“The coaches have done a great job of staying on me on that day after day, each drill,” Smith says. “Every step I take, they’re always on me. I told them to make sure they stay on me to keep me going.”
It’s not that Smith needs any extra motivation, it just never hurts to stack the odds in your favor.
The way linebacker
“I already think he does (belong there),” Dansby said. “ He just hasn’t finished some of the plays that he’s supposed to finish or he would have been there. That’s what I told him two years ago and now he’s starting to see it and he’s starting to walk it and he’s starting to believe, he’s starting to sacrifice and do the right things that he needs to do to dedicate himself to this game. He’s a stud. He’s a stud. No doubt about it. No doubt about it.”
Smith unquestionably is unique when it comes to NFL cornerbacks, starting with the fact he’s unusually tall for the position at 6 feet 3.
He has started 40 games in his three seasons with the Dolphins since being a second-round selection in the 2009 draft and has come up with three interceptions, including a career-high two last season.
There’s little doubt Smith will benefit from the arrival of Kevin Coyle as defensive coordinator, considering Coyle previously coached the defensive backs in Cincinnati.
“He’s always there throwing in his little two cents,” Smith said with a smile. “Coyle is a technician, that’s the biggest thing. He’s going to teach technique and fundamentals. He wants you to take the proper steps, the proper alignment and everything. In the end, it’s good for us because when you’re tired in that fourth quarter and fatigue kicks in and all that, you definitely want your fundamentals to kick in.”
As an added bonus, longtime NFL cornerback Al Harris has been serving as a guest coach this spring and he’s also been giving Smith some pointers.
Smith, in turn, has taken on the role of mentor to some of the team’s younger cornerbacks, such as
There’s something else very different about Smith this year, and that’s the disappearance of his trademark braids.
While Smith explained that getting rid of the braids came after some told him maybe it was time for him to grow up, he quickly added: “I’m always going to be myself, but I do understand I have younger players at the corner position who look up to me, so l try and help them out as far as the playbook and how to play certain techniques and things like that.”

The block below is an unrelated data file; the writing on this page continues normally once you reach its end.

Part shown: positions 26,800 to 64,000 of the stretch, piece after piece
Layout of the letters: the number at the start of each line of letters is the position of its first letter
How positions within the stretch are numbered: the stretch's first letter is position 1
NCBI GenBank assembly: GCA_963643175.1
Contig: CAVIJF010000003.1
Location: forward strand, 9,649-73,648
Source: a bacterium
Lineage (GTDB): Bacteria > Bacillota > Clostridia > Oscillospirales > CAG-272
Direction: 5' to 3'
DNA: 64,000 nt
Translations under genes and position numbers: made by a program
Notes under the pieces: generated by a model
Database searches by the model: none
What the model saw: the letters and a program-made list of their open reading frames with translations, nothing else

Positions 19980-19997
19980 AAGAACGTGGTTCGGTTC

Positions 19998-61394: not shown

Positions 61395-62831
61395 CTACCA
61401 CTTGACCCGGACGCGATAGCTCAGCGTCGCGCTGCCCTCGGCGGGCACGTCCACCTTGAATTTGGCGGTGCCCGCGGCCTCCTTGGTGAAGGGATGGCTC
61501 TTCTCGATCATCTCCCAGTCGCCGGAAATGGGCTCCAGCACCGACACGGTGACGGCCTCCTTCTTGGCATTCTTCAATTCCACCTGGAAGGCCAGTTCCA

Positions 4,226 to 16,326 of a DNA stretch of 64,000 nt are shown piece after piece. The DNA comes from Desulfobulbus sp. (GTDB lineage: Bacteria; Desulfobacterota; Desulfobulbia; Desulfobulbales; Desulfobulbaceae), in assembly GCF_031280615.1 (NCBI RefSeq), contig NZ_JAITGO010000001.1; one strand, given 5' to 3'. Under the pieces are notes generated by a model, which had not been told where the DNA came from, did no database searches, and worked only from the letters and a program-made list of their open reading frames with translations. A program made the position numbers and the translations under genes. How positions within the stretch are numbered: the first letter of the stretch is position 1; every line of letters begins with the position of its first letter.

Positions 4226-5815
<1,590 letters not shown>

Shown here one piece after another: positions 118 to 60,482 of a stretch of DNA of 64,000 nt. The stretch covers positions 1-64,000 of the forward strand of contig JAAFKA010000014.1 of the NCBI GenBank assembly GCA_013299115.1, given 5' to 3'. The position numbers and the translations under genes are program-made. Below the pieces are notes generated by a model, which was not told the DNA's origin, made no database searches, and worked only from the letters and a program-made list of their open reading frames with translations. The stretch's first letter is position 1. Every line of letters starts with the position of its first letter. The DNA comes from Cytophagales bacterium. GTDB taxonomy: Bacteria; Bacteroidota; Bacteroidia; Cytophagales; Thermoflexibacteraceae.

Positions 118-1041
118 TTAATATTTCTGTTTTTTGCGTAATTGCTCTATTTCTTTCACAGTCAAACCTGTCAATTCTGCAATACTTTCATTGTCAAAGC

In Smith and
Davis proclaimed last summer that there wasn’t a better duo in the league, and Smith has no issue with that claim.
“That’s what we believe,” Smith said. “In practice we see it and in our work ethic, when you watch film and the way we prepare and everything, that’s how we feel. What he said, I’m definitely fine with that and we’re not worried about any other additional opinions or media or anything like that.”
These days, Smith is just concerned with getting acclimated with the new defensive system, a system he says allows the players to perform without having to do too much thinking.
“Right now we’re going over the basics and fundamentals, so it’s real watered down,” Smith said. “There’s not too much going on, but from what I’ve seen, it’s real simple. It allows guys to play fast. There’s not too much thinking going on, so when you have guys running around and making plays, it’s going to be good for us.
“We have a bunch of playmakers on this defense, so it should be good.”
Count Smith among that group of playmakers. He’s gotten his hands on a lot of footballs in his three seasons with the Dolphins and could be ready for a bust-out season.
Dansby sure thinks so. He sees a different guy this spring — on and off the field.
“Man, all the way around, all the way around,” Dansby said. “That’s a hundred million dollar man you’re talking (about). That’s how I look at it. That’s how I view him. He’s in a whole other category as far as talent and the position he plays on the field and the things he can do on the field.
“I kept honing that into him all last season, all offseason and now he’s taking heed to it and he’s starting to feel it himself. He’s starting to see it. He’s starting to put it on film. He’s starting to walk it.”